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Performance art came into being in nineteen sixty in United States and has been representing visual artists. By nineteen seventy it was already acknowledged as global term and regarded as art. There is plenty of performance artists therefore it is compulsory to focus on artist with the greatest impact. It has been Marina Abramovic who is regarded as grandmother of performance and also Jemima Stehli who creates self-portraits by using a mirror. However, the most influential artist in addition to this topic is Cindy Sherman. Her personality has had important impact on photography as well as on my own self-directed practice. Her personality is celebrated as one of the most influential and respected American photographers in the twentieth century. Using designer cloths she was trying to point out contemporary problems of modern age and investigate ideas and images of female in media, society and nature of the conception of art. Andrew Sargus Klein (2006) claimed that Sherman endeavour to erase the notion of the voyeuristic photographer- instead, the observer is the viewer. Although some critics believe that her images are just self-portraits, however her quotation is in disagreement with this statement “I am trying to make other people recognize something of themselves rather than me.” (Cindy Sherman, 1982) Patty Chang (2000) states that performance art and photography are opposites, but both define a non-ordinary space by establishing parameters on it- a space that depends on the observer to make it come alive. To conclude this part, it is myself performing in my photographs. The aim is not to present myself, but to present my ideas through photographic medium. The performance feature provides me the sense of freedom in what I do and what I want to depict. It symbolizes the pure pleasure of playing, acting by using my body as non-commercial silhouette. The purpose of the performance element is to express myself, my ideas and be the one who is manipulating the viewer and who is trying to communicate with audience. However, influenced by Cindy Sherman’s thinking, the endeavour of my work is not to recognize something about myself, but to let people discover something about them. Not only has performance art originated in nineteen sixty, but also Psychedelic art. It is undeniable that hallucinations, illusions and imagination illustrate key features of surrealists. Edmund Critchley (1987) suggests that hallucinations are obvious in psychical illnesses but can also be experienced by normal people and became source of inspiration for art.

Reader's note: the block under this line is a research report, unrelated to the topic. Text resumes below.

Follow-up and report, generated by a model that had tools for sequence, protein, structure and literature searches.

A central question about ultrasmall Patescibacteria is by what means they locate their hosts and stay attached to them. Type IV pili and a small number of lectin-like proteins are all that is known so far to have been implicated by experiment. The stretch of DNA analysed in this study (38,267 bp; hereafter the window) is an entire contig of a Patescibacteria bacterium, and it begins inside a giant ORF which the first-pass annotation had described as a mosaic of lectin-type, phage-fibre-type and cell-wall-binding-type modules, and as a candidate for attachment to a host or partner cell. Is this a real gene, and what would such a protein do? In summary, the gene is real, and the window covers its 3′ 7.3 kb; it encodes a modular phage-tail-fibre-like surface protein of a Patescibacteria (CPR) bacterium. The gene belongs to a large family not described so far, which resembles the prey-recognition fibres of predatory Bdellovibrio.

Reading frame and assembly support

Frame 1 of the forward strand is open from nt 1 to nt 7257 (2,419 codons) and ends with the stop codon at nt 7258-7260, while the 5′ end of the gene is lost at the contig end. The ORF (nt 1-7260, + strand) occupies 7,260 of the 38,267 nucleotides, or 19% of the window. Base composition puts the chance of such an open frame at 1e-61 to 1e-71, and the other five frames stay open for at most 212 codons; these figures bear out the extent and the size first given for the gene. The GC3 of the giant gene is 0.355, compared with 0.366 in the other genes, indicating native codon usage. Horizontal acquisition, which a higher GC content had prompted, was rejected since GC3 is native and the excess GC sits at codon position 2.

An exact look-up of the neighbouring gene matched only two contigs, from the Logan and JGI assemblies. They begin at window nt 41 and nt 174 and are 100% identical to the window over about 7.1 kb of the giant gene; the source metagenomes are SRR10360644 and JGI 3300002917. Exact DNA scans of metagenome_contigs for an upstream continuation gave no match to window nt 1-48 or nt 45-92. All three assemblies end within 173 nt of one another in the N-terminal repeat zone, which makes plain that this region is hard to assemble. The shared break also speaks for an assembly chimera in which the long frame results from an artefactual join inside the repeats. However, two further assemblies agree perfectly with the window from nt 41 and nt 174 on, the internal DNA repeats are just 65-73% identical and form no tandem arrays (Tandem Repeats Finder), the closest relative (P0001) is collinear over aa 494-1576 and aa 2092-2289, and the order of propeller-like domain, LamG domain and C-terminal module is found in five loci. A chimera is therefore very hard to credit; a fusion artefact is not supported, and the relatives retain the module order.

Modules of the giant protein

It is generally known that Salvador Dali, the most surrealist from other surrealists, has applied in his art making hallucinatory features what caused the fact that his art was difficult to understand. Not only hallucinatory features are important for my practice, but also illusions and imagination. According to Edmund Critchely (1987) illusions, the conscious and unconscious of the form of stimuli provide much of unexpected in art. An alternative approach might be quotation of Sigmund Freud (1927) “Illusions commented themselves to us because they save us pain and allow us enjoy pleasure instead. We must therefore accept it without complaint when they sometimes collide with a bit of reality against which they are dashed to pieces.” Apart from hallucinations and illusions, imagination is also important within the subject matter and my practice. It is a well-known fact that surrealist’s style uses visual imagery from subconscious mind to create art without the intention of logical comprehensibility. An alternative explanation might be that they have rather used their imagination. We would even go so far as to say that Albert Einstein’s (1879-1955) quotation “Logic will get you from A to B. Imagination will take you everywhere”- in other words, imagination is more important than knowledge- is in agreement with this argument. To sum up information stated above, the purpose of using hallucinatory feature and illusions is simple- the aim is to offer a pleasure to viewer and experience something scrupulously honest. As mentioned above, psychedelic art came into being in nineteen sixty and represents attitudes of underground sub-culture. Steven Heller (2010) claimed that psychedelic art “€¦was language used as a code for a revolutionary generation.” The features of this art are mainly bright vivid colours and surreal sense which have been manifested within art, fashion and music. The most essential fact contextualizing my practice is using contrasting beautiful colours for purpose of transporting the viewer into fantasy world. In addition to colours, colour theory and specific psychological meaning of single colour. It has been found out that colour is sensed by eye, however the perception of it takes place in mind and it serves sense of illusion and distance. By using different shades and tones at different images, the purpose of the colour is to evoke emotion while looking at piece of work. Therefore I agree with quotation of Pablo Picasso (1881-1973) “Colours, like features, follow the changes of the emotions.” Which other features are significant for surrealistic creating? In addition to illusion, it has been found out that many surrealist but also fashion photographers have used mirrors or mirror effects in order to mystify the viewer. My early influence originated from pieces of Gilbert and George, contemporary controversial artists. The effect of mirroring is result of digital manipulation of the image. Works of the most contemporary fashion photographer, David LaChapelle has astonished me because of undetectable manipulation. He is also applying surreal feature and narrative within his creating. However, the digital manipulation is not the only aspect within existing process of my works. Firstly, there is a need of finding a place which seems appropriate and first of all, interesting. Most of the time, damaged and messy localities are investigating in order to use their complex composition when creating unreal world and transforming them into fantasy landscape. Important fact to highlight is that the place is never staged; however it is always in its natural-found condition. Secondly, the appropriate dress, accessories, entire appearance, pose and mood have to be chosen. Finally, there is another aspect of composing the eventual shoot and also managing the right angels and camera settings. With the help of tripod or an assistant is the picture taken and consequently edited. Although the picture is taken, it is not the end of a process at all. Certainly, it can be said that my work is process based. The other side of the coin is, however, that it can also be argued that it is based on digital manipulation of an image. Nevertheless, the manipulation consists of changing colours slightly and sometimes it consists of the use of mirror effect. These arguments suggest that the work is processed based where the digital manipulation of image is becoming a part of the process.